Fintech encompasses a broad range of firms that develop technology-focused products to enhance financial services' functionality, typically offered by incumbent financial institutions.
The financial industry's information security standards consider the specific defined risks and threats that the financial organizations may face, making them the kingpin to ensure business and operational sanctity.
In India, fintech is primarily regulated by the Reserve Bank of India (RBI); in terms of both business and regulations governing this sector, with the focus lying on digital payments as the most advanced Fintech sub-category in India.
However, not all Fintech organizations fall under the RBI jurisdiction, the Insurance and Regulatory Development Authority and Securities and Exchange Board of India also have powers to govern entities specific to their sectors.
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Security and data privacy challenges faced by Fintech companies
The financial service sector handles sensitive information about individuals and enterprises. With the exponential growth of Fintech, more data is now accessible in digital formats, which ensures that data is readily available to analyze and generate insights.
And this makes the data more vulnerable to security breaches. Plus, the increase in mobile banking services has resulted in a tremendous amount of data - such as personally identifiable information, financial and health information - being exposed to third parties.
Need for Security standards in Fintech technology sectors in India
Fintech has led to start-ups' growth and it has also disrupted how traditional banks offer their services to customers. Banks have integrated multiple digital channels to create an omnichannel customer experience.
Improved methods of identifying and quantifying risks, algorithm-based investments, and defined platforms for users to optimize their portfolios have revolutionized the wealth and asset management industry.
In addition, blockchain technology has also evolved unbelievably, disrupting fintech firms by developing cryptocurrencies, including bitcoin. This has considerably transformed the payments and money transfers by eliminating all middlemen and 'smart' contracts development. Global trends, like increasing globalization and the decreasing age of an average workplace, digitization, and disposable incomes, have significantly contributed to this industry's evolution and growth.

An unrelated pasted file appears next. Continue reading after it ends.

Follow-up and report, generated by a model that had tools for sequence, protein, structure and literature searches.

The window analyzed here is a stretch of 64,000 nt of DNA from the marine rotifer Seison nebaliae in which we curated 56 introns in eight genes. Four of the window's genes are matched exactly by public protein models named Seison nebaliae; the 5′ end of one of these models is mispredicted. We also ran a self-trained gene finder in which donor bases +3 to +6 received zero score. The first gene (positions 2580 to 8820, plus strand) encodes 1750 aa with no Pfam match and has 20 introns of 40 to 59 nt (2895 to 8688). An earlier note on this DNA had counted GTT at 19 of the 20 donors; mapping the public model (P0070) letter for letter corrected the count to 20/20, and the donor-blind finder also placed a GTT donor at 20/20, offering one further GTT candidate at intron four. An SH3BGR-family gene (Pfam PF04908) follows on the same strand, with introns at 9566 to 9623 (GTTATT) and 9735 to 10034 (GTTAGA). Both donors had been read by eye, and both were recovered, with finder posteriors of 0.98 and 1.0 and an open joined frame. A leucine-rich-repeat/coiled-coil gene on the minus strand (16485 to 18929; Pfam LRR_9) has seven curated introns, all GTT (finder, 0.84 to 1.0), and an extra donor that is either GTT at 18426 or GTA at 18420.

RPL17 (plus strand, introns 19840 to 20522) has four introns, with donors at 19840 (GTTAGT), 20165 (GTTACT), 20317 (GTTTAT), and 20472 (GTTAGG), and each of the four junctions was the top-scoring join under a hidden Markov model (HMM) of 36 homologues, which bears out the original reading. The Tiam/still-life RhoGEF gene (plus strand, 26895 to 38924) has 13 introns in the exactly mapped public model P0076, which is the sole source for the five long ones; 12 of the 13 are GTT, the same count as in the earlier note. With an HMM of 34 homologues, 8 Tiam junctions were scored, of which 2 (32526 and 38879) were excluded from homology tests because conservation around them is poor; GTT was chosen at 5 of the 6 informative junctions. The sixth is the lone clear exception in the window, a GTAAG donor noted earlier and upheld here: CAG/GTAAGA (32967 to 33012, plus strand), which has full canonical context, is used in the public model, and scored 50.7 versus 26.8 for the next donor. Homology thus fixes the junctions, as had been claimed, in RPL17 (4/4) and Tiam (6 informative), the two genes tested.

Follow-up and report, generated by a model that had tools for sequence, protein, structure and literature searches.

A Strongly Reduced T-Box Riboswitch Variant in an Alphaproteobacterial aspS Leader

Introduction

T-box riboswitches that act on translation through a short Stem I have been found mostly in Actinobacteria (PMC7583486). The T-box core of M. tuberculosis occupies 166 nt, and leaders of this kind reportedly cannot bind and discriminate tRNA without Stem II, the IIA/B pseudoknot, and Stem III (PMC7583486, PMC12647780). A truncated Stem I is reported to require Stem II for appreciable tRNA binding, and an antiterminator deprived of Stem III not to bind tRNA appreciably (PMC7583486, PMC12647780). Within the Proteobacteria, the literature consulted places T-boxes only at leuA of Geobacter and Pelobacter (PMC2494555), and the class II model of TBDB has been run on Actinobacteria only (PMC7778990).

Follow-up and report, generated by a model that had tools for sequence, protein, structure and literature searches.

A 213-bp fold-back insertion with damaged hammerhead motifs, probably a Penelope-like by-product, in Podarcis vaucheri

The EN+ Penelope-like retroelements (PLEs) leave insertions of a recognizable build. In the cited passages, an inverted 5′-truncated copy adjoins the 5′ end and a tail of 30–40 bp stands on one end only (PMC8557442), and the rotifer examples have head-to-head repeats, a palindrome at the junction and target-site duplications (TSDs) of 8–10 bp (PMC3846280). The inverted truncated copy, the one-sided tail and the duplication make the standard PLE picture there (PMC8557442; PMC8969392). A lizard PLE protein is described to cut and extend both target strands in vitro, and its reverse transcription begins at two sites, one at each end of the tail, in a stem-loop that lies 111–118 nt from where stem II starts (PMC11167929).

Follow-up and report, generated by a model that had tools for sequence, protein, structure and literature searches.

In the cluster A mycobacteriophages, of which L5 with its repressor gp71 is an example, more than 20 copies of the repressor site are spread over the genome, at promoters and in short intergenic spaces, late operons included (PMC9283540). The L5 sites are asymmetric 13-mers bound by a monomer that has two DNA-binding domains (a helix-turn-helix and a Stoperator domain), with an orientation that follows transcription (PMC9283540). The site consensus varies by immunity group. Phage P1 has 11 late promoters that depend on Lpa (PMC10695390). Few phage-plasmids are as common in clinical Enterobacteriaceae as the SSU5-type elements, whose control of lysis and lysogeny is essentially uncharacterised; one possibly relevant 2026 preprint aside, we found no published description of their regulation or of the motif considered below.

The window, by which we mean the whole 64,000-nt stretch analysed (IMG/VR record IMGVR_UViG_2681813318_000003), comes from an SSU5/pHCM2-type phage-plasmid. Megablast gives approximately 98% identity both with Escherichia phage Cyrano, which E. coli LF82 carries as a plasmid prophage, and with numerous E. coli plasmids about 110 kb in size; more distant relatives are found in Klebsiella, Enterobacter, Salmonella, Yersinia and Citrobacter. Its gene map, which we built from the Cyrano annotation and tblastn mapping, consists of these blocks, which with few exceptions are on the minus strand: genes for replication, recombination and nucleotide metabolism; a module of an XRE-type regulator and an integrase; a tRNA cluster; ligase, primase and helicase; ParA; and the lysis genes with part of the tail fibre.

All this has put pressure to re-evaluate the security standards currently applicable to the fintech sector.
Fintech Security guidelines in India
There is a misconception among the fintech entities that RBI governs all security guidelines. However, only those Fintech come under its jurisdiction, which falls under the RBI Act, 1934.
The regulations and Fintech entities that do not fall under RBI will come under the Informational Technology Act, 2000 ("IT Act"), with more specific rules issued according to section 43A of the IT Act.
Every qualified Fintech should ensure they possess Information security procedures as mentioned below:
IT governance should be overseen by a senior member of the management, particularly the CEO or CIO. But, to build a stout security infrastructure, the sole decision should not lie on the c-suite, as security is a shared responsibility across all enterprise levels and departments.
Security efforts should get backed by stringent IT policies and procedures developed by the CISOs and their teams.
The policies and procedures should include:
1. Detail operational procedures for IT infrastructure, such as data center operations
2. Consider inter-dependencies between risk elements in the risk assessment process
3. Lay down standards for hardware or software prescribed by the proposed architecture
4. Implement appropriate measures to ensure adherence to customer privacy requirements applicable to relevant jurisdictions
Information security governance
Financial technology companies are a vital source to accelerate innovation-driven improvements. And this, in turn, presses on the need to prioritize information security governance for all Fintech firms.
A comprehensive security governance program needs to include:
1. Development and ongoing maintenance of security policies
2. Sharing of roles, responsibilities, and accountability for information security across the organization
3. Generation of meaningful metrics of security performance
4. Effective identity and access management processes
Critical Components of Information Security in Fintech
Policies and Procedures
The policies and procedures that a company adopts define its overall corporate culture and security framework. The guidelines should be well-defined after proper analysis of existing infrastructure loopholes and requirements.
The most preliminary requirement to maintain enterprise security is to comprehend the business's need to analyze risk efficiently and plan accordingly to combat the risks.